A coalition of antiwar activists accused inaugural planners yesterday of trying to restrict access to the Pennsylvania Avenue NW parade route to protesters, an allegation that federal authorities denied.
Organizers with International ANSWER, an antiwar coalition that has sponsored numerous protests of the U.S. war in Iraq, said at a news conference that a map they received from the National Park Service shows blocks of the avenue taken up by 10- to 42-foot-high bleachers, including many areas where the coalition hoped to stage protests.
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Brian Becker, the coalition's national coordinator, said the Bush administration, the Park Service and the Presidential Inaugural Committee are attempting to prevent demonstrators who oppose the administration's foreign and domestic policies from assembling near the parade route in large numbers. The administration wants to "marginalize dissent and push free speech to the background," Becker said.
Park Service spokesman Bill Line said that the accusation was without merit and that the public and demonstrators will be allowed onto open areas of the Pennsylvania Avenue sidewalks on Jan. 20.
ANSWER applied to the Park Service in January for permits to assemble on the avenue and in other downtown areas, including Freedom Plaza. Line said the Park Service expects to issue permits to the coalition for designated portions of the sidewalks. He said that the bleacher plan is not final and that the coalition's request for other spaces is still being evaluated.
Line said no determination has yet been made on where protest groups will be allowed to assemble along the parade route, but he emphasized that they will be allowed to assemble there. "Demonstrators of all types, regardless of their message, will be fully allowed access onto Pennsylvania Avenue," he said.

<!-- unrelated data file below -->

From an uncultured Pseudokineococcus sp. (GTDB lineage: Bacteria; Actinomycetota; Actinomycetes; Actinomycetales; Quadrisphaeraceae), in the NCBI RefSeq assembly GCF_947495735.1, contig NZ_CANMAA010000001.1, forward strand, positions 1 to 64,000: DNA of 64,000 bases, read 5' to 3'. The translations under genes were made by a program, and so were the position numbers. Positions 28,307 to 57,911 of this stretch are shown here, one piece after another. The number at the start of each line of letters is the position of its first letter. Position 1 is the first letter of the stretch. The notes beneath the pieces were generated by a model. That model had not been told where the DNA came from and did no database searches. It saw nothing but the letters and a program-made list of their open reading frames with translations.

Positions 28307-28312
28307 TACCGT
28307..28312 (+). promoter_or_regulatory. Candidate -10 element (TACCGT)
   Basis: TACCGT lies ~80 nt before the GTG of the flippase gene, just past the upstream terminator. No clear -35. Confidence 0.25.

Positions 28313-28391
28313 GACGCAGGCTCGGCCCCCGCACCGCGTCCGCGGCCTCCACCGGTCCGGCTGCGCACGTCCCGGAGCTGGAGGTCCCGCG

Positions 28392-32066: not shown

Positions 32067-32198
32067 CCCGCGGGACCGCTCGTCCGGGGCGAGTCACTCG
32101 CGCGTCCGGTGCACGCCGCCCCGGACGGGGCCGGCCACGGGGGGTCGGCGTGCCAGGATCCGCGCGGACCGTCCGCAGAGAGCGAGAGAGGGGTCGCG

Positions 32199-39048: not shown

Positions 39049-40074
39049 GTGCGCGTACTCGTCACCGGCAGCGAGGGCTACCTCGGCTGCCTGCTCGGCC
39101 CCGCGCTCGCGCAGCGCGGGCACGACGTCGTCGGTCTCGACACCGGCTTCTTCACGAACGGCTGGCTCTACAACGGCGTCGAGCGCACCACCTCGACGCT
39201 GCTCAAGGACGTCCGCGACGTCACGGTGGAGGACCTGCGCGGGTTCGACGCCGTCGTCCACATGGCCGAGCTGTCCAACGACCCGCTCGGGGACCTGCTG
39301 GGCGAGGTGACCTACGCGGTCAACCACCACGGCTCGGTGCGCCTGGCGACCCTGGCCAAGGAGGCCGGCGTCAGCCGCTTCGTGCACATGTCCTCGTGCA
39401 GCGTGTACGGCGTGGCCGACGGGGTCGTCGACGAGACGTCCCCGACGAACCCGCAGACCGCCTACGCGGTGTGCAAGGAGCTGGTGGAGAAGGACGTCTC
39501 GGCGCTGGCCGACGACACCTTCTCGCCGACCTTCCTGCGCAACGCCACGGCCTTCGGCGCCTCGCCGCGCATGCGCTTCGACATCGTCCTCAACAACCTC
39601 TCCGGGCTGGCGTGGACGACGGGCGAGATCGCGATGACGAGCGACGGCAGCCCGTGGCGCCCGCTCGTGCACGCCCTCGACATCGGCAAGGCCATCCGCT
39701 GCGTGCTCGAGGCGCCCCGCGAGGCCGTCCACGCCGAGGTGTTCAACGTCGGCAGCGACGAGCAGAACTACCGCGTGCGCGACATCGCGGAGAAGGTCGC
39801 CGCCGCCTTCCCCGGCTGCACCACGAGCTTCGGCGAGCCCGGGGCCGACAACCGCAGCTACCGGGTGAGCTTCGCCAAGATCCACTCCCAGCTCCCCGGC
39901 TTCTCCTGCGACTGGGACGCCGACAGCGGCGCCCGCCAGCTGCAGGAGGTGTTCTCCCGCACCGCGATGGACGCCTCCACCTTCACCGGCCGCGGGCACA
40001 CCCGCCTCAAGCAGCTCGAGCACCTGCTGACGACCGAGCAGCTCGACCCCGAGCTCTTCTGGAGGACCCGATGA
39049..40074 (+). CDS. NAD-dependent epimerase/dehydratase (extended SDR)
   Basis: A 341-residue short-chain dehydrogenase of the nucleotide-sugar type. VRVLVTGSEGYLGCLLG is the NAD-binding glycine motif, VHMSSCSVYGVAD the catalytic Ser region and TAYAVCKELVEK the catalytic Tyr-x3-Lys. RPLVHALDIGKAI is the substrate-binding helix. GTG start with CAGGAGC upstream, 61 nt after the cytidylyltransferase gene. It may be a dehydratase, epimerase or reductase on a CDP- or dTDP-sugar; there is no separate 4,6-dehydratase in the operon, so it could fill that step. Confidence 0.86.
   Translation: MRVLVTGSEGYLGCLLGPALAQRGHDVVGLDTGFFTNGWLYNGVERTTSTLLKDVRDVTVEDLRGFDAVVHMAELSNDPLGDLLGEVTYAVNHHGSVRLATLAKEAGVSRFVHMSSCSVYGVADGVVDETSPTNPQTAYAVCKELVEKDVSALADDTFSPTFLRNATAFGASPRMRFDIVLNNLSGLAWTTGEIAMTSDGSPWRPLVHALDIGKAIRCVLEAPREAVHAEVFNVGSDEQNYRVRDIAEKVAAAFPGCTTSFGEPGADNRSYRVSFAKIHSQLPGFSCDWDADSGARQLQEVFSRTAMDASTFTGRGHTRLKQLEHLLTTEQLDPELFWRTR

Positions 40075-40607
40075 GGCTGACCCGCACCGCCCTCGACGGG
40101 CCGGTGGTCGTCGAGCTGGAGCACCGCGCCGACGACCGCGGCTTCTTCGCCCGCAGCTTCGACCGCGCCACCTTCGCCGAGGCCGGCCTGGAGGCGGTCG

Park Service officials and organizers with ANSWER, which stands for Act Now to Stop War and End Racism, plan to meet Monday.
The coalition's protest is one of several planned for Inauguration Day, and organizers expect tens of thousands of anti-Bush activists from across the nation. Protesters have established Web sites such as www.counter-inaugural.org, posted ideas and inquiries on e-mail discussion groups and created a loose-knit coordinating body that meets weekly in Washington and includes representatives of several dozen groups.
The D.C. Anti-War Network has called for a permitted march from Meridian Hill Park in Columbia Heights to Franklin Square. The group also plans civil disobedience in the form of a "die-in," details of which are still being worked out.
Another group has called for a "silent" protest, asking activists to leave their signs and buttons at home, find spots along the route and, at a given signal, turn their backs on Bush. Jet Heiko, 31, national organizer for turnyourbackonbush.org, said 10,000 people are expected to participate. With up to 500 organizers in 39 states involved, he said, that number will grow.
Four years ago, thousands of demonstrators filled parts of downtown and lined several blocks of the inaugural parade route.